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To the Taro founders, how would you interview a candidate?

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Junior Software Engineer at Taro Community17 days ago

I'm curious since you now have the opportunity to design and interview candidates as you see fit, how would you design the interview for your next hire?

How many rounds?

Any takehomes?

how would you source your candidates?

what are things you would do to avoid doing the terrible interview practices companies usually do?

How would you interview a candidate for a backend role vs a frontend role?



  • 1
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    Tech Lead/Manager at Meta, Pinterest, Kosei
    13 days ago

    We're a tiny company now, so we have the luxury of running custom interview loops and having literally everyone in the company meet a potential new candidate.

    This is hypothetical since we're not actively hiring at the moment, but up until 10 employees, I'd want everyone working at Taro to be a 1st or 2nd degree connection. These are people who we'd know personally for 6+ months (either pre-Taro days, or maybe someone from the Taro community).

    For these early candidates, honestly the interview process would be based on vibes. We probably already trust the candidate's competency based on their previous body of work or interaction. I like the idea of working together for 2-3 weeks (on a contract basis) so we can determine if we mutually like working together.

    Sourcing candidates and calibrating interviews across many interviewers is a big-company problem. I am happy to that when Taro gets to that size :)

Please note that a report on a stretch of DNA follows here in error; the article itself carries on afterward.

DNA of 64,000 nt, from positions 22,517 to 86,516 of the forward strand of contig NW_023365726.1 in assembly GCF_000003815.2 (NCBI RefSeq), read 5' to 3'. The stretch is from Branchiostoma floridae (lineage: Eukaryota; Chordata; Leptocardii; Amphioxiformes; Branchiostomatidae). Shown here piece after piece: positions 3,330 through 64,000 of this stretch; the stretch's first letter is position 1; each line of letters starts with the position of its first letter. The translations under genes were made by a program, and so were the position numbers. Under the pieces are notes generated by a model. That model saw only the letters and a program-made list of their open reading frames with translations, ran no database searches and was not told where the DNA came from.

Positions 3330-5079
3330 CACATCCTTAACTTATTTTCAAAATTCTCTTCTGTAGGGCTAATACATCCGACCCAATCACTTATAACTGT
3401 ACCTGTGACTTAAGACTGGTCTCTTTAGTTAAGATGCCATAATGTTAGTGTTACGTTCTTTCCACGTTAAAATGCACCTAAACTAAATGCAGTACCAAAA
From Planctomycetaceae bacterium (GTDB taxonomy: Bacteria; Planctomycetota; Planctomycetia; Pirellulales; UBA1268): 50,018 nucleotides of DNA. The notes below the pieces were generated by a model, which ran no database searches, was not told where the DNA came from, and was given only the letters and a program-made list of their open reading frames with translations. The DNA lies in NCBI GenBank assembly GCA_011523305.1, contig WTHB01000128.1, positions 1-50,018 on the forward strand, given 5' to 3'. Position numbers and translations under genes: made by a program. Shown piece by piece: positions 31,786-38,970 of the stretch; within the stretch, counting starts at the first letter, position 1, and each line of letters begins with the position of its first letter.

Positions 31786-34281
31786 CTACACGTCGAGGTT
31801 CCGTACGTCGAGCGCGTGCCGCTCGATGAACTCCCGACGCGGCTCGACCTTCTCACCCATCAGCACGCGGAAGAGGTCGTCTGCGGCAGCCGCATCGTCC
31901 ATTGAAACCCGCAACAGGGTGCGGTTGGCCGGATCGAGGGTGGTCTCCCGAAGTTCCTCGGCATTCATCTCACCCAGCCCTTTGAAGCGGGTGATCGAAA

Probably no difference between a backend vs frontend role, since everyone does everything anyway :)

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    Tech Lead @ Robinhood, Meta, Course Hero
    2 days ago

    I agree overall with what Rahul said, but here's something more concrete. For the first 5 engineers of Taro, I would structure the interview like this:

    • Strict resume review - I would only accept candidates with major side projects (10,000+ users) or ample experience at top companies (5+ years). Early employees need to be fiercely independent and strong owners at a seed stage startup, so I wouldn't hire L3/L4 unless they had an incredible side project. Engineers are loss-makers until they reach L5, which is why Meta forces engineers to get promoted to that level
    • Practical coding phone screen - 1 round and I make you code something from scratch (app, website, or API). Small startups need people who can actually code
    • Onsite:
      • Practical coding - Build another app/website/API live and with good code
      • Behavioral - Pretty normal but index heavily on passion for the mission
      • System design - I would do real system design, not fake "How would you build Netflix?"

    Some things I want to point out from all this:

    • I wouldn't do DSA as I couldn't care less about your LeetCode skills
    • Lots of practical coding as I need to know if they can code
    • System design to figure out their ability to spot edge-cases, make trade-offs, and just ship good products overall

    You can learn more about this from my job searching course with lessons like these: https://www.jointaro.com/course/ace-your-tech-interview-and-get-a-job-as-a-software-engineer/understanding-startup-interviews/

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